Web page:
Rank building opposite Marshall College getting knocked down

Ugly council building gets a knocking, thank fuck

The hideously ugly St Nicholas House on Broad Street – you know, the building that looked like it had survived an apocalypse – has finally seen a bulldozer.

After over 40 years of concealing Aberdeen’s last example of burgh architecture in the form of Provost Skene House, the council finally got their heads out the clouds and realised they were a big mistake.

Provost what? Don’t worry if you haven’t heard of it: unless you knew it was there you would easily miss it. The house can only really be seen from the tiny Flourmill Lane that people rarely walk down – Aberdeen Council wanting to hide its history? Baffling.

yeah, sweet.

yeah, sweet.

Whatever numpty gave the OK to such a build in the first place, that hides and swarms like a disgusting disease the most beautiful building in Aberdeen ought to feel very, very ashamed.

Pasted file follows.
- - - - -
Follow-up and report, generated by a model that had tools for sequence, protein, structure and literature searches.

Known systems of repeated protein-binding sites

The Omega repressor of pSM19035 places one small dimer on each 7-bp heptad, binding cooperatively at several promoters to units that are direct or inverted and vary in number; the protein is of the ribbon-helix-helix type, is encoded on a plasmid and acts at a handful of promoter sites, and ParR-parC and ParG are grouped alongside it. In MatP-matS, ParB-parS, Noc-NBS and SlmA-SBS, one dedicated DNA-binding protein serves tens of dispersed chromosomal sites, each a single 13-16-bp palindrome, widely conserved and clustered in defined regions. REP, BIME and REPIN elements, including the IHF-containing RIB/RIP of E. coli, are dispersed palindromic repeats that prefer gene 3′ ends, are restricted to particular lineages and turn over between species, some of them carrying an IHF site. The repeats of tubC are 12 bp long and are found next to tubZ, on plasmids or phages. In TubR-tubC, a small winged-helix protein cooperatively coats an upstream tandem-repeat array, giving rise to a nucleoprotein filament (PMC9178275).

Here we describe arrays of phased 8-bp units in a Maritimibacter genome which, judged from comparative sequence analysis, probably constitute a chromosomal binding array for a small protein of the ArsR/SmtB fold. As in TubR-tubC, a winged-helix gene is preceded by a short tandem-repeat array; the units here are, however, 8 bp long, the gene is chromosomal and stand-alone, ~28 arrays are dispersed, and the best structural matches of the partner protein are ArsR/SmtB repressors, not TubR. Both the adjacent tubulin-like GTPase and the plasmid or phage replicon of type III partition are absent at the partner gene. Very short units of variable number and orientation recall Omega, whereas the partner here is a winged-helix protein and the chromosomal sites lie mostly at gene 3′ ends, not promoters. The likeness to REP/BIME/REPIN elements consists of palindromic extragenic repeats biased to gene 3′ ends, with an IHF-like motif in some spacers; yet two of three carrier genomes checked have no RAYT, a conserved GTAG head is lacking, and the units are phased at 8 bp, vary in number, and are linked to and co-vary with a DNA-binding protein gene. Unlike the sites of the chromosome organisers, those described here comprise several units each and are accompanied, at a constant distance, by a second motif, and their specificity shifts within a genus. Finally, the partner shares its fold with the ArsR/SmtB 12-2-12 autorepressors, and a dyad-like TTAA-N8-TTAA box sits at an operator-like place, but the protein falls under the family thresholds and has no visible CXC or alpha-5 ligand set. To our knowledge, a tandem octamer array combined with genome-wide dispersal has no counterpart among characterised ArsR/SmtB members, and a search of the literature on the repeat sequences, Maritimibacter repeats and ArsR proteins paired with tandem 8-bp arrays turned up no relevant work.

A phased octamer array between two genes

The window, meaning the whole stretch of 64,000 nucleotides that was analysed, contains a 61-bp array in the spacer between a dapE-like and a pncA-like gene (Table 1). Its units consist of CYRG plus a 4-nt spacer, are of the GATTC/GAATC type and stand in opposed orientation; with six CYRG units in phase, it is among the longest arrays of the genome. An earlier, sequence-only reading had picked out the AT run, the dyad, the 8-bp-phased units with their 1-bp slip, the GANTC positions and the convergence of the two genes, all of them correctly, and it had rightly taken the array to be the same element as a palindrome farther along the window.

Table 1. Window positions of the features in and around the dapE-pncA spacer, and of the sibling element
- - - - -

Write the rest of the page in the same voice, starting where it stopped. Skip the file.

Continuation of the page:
I don’t understand why a city’s council would ever want to do such a thing? ‘Work what your mother gave you’ or something? Well Aberdeen, you got some pretty ace buildings so stop hiding them and diverting our eyes to the likes of Union Square! I only hope the council members that were involved in the building’s inception in 1968 were merely slipping into the drug culture of the time. For that, I might forgive.

The Future. Sponsored by ACC.

The Future.
Sponsored by ACC.

Regardless, they’ve clearly come to their senses and decided to knock the offenders down. And in its place? Plans for a mixed-use development was proposed by Muse Developments earlier in the year.

They’re telling us to expect heaps of glass, cafés, office spaces, retail, boutique hotels and a pedestrianised Broad Street, renaming the area Marischal Square.

A promise to expand Provost Skene House’s original gardens has also been made, although I can’t shake the feeling that the poor little house is still being shunned. The artwork that has been released by Muse shows the house as remaining still rather concealed, only in a slightly different way; with shiny glass and commercial logos no doubt, towering over and doing a great impression of a giant reflective fence.

Hmm, a ‘historical decision’? I am dubious. They just better not have a brain lapse and decide they want to flatten the house altogether in favour of yet even more fancy-pants offices and god forbid, apartment blocks.